This guy is one of the most stylish phones available, and it’s got a processor that’s only a year out of date to keep the price down. It’s also has a feature to store you apps in the cloud. Read the full review.
This guy is basically a powerhouse G4 in phablet form, a serious contender for big phone enthusiasts. But some of its hardware experiments border on gimmick-y than being genuinely useful. Read the full review.
Blackberry made the move it should have made about 4 years ago and is now on Android, but it still has some issues to iron out. I’d pass on this first generation phone. Read the full review.
Moto X Pure Edition
A totally great smartphone for $US400 ($526), but there are equally great phones for cheaper and better phones for only slightly more, so it kind of gets lost in the shuffle. Worth a look if you prefer a clean Android UI. Read the full review.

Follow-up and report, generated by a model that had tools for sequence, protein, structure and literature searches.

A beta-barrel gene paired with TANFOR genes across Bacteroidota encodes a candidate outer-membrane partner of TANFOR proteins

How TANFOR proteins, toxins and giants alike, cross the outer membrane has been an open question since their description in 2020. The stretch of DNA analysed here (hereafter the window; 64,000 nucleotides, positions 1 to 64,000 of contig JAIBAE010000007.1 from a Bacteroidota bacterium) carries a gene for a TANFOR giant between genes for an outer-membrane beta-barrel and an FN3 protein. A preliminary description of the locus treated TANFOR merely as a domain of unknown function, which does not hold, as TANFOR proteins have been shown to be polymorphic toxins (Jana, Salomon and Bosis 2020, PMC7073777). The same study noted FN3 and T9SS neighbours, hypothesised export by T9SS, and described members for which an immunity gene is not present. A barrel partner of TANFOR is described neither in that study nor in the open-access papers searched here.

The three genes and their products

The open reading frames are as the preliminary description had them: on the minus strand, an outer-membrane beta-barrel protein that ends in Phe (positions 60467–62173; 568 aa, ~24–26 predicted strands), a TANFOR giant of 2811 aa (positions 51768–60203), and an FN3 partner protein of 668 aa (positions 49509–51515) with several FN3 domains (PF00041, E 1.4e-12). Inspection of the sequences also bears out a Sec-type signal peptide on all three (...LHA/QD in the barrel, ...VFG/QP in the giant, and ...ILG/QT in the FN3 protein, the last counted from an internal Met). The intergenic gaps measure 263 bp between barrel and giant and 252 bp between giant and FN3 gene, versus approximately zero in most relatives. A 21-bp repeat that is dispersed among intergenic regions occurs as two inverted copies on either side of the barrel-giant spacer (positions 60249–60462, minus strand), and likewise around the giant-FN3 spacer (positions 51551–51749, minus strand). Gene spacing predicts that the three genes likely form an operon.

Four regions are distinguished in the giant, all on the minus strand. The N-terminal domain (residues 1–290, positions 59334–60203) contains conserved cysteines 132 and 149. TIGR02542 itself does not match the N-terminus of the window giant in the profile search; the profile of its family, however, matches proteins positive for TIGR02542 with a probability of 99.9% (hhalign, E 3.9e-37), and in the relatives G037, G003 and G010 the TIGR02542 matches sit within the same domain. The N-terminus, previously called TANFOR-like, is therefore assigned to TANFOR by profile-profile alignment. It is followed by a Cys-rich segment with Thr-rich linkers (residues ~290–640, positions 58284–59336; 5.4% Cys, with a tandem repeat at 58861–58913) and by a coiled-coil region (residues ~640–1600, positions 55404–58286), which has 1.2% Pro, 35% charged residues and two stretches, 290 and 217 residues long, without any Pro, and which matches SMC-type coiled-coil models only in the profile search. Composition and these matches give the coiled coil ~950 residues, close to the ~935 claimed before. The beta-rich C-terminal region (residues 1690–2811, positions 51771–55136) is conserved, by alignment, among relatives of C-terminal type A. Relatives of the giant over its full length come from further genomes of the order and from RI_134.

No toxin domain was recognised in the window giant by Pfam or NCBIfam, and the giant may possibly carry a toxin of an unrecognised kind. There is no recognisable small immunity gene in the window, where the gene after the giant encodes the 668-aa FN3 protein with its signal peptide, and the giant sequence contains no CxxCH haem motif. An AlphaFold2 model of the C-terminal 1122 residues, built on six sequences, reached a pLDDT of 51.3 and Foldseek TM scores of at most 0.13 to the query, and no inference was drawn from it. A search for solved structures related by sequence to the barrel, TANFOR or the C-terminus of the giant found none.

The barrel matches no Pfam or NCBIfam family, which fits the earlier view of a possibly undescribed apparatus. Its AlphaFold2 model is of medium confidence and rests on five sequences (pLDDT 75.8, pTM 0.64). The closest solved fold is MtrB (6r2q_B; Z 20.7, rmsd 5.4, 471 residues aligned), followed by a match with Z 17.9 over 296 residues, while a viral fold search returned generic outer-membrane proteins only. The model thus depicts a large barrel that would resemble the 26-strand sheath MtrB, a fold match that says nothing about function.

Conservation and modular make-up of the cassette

Nexus 6 (demoted November 2015)
This phone held the Best for Pure Android (and Movies) category for its big screen and stock Android OS. But with the more manageable 6P, the Nexus 6 need no longer apply. Read the full review.
Sony Xperia Z3
The Z5 is out now, which is still tricky to find in the US but not impossible. You can even get the 4K-equipped Z5 Premium but that seems like the definition of overkill.
Lumia 950 and XL
Windows 10 on a phone doesn’t quite convert all the magic of the desktop experience to the palm of your hand. If you’re a Windows phone acolyte, sure, go for it. But for most others, there are better options.
Galaxy S6 (demoted 11/2015)
Still a fantastic smartphone with a swiss army knife of features, like a great payment platform and wireless charging capabilities. It’s just not quite as great an experience as the 6P in our opinion. But if you’re giving all the front runners due consideration, the Galaxy S6 still belongs in that group, benefiting a smartphone once considered The Best Overall.